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Climate Responsive: The Latest Architecture and News

Reimagining Cities in the Face of Climate Change and Migration

Migration as a result of changing climate has already begun. And while this poses enormous challenges for governments - particularly at a global moment that seems indisposed towards immigration and immigrants - there is also the concern that heritage will inevitably be lost. In places like Scotland, rising sea levels have put ancient sites at risk; the same is the case in island nations in the Pacific. As mounting environmental risks become more inevitable day by day, cities around the world are turning to more resilient forms of architecture and urban planning to combat both short term shocks and longer term pressures as a means of ensuring their future.

DeltaSync's floating geodesic domes propose an alternative space for human habitation and food production. Architect Vincent Callebaut's "Lilypad" project is a multi-use, floating ecopolis that is intended to house up to 50,000 climate refugees per floating structure. Manhattan will construct a massive wall and park to guard against rising sea levels, providing adaptable and interactive public spaces in the process.. ImageCourtesy of Bjarke Ingels Group Copenhagen-based firm SLA's "The Soul of Nørrebro" is an integrated climate adaption project that transforms the city's Hans Tavsens Park into a rainwater catching basin that will help irrigate the city and combat urban heat island effect.. Image© SLA / Beauty and the Bit + 11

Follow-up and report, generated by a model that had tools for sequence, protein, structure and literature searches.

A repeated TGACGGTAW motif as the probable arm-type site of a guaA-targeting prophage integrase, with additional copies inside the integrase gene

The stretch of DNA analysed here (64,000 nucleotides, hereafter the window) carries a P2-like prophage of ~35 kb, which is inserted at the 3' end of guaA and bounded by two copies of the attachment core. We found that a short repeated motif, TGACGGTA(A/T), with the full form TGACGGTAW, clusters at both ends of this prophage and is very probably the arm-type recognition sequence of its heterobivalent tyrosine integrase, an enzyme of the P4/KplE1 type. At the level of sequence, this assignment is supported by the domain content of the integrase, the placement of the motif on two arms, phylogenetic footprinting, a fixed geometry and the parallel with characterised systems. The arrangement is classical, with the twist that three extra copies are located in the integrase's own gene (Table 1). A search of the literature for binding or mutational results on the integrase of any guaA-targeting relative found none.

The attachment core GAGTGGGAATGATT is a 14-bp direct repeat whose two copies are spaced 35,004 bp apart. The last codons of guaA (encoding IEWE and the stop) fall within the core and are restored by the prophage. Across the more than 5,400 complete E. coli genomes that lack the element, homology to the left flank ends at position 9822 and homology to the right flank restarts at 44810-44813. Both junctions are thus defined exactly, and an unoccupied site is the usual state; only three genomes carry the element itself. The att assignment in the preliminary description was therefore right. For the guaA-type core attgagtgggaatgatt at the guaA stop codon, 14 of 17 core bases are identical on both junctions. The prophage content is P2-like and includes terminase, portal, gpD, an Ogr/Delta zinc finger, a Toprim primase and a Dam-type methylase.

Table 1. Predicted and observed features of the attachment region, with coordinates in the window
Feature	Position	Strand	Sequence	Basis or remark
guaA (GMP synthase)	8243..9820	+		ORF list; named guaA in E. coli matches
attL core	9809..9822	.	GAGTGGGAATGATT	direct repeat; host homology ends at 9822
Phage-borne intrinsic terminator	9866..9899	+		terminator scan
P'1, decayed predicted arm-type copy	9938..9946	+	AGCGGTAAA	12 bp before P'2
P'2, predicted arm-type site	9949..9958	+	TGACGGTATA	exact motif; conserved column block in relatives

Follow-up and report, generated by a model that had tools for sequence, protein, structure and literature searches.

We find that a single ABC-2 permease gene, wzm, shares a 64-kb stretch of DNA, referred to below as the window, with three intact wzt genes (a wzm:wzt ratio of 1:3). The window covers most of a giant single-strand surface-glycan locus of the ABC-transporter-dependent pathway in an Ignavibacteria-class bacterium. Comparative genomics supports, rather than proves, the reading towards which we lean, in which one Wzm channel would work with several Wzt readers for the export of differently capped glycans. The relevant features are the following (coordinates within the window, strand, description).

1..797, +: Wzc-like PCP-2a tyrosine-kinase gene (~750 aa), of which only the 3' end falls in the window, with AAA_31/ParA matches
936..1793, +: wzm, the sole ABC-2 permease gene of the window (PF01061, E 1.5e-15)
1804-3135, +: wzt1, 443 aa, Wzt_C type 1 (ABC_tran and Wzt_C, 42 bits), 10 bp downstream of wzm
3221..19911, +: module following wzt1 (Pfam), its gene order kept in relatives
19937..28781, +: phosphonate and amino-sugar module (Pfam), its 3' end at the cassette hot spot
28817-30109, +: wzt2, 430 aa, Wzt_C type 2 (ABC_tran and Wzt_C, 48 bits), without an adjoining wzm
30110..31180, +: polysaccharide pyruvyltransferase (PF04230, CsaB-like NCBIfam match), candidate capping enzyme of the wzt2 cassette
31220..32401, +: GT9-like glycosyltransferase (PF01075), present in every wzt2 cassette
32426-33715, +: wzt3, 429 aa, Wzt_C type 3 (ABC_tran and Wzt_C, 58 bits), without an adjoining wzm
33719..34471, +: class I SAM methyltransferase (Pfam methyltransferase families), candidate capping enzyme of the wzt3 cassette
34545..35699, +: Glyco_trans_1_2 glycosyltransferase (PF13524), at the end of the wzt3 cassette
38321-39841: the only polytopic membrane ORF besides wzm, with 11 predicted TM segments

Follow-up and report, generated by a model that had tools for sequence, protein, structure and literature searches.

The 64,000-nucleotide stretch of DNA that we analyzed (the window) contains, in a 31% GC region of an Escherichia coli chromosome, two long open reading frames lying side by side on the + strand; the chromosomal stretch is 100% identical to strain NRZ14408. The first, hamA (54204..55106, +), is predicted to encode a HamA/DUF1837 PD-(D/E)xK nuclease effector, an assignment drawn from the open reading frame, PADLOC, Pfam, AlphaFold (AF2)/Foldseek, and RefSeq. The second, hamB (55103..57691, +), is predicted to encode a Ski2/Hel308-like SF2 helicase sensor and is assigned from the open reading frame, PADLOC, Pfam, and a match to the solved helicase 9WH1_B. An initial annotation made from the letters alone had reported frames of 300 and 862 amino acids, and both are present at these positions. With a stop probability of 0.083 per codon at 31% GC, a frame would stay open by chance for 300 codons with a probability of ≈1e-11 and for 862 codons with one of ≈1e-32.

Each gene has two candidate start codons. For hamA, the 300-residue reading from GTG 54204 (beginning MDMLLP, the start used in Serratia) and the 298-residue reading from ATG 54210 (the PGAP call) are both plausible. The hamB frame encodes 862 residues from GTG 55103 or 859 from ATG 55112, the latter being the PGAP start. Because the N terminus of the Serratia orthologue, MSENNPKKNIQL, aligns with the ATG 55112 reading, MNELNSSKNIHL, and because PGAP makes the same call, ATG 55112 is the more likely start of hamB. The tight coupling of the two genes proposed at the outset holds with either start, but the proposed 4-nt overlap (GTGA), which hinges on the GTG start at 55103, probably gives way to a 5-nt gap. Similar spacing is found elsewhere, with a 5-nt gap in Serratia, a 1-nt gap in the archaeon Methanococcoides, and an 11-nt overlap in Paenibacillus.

New Morphogenesis Project Set to Be the Second Largest Office Building in the World

Could you ever imagine working in a small city? A new massive office building by Morphogenesis is being built to accommodate over 45,000 people for the Surat Diamond Bourse office in Surat, Gujarat, India. At 6.5 million square feet, and housing over 4,000 offices, it will be the second largest office building in the world, placing only behind the Pentagon in Washington D.C. Although its physical footprint may be large, the office building was designed in a manner to minimize its ecological footprint. Passive design strategies such as day-lit workspaces, natural ventilation, and indoor/outdoor spaces not only make the Surat Diamond office an efficient climate-responsive design, but also a key player for achieving aesthetic and comfortable working spaces.

Courtesy of Morphogenesis Courtesy of Morphogenesis Courtesy of Morphogenesis Courtesy of Morphogenesis + 16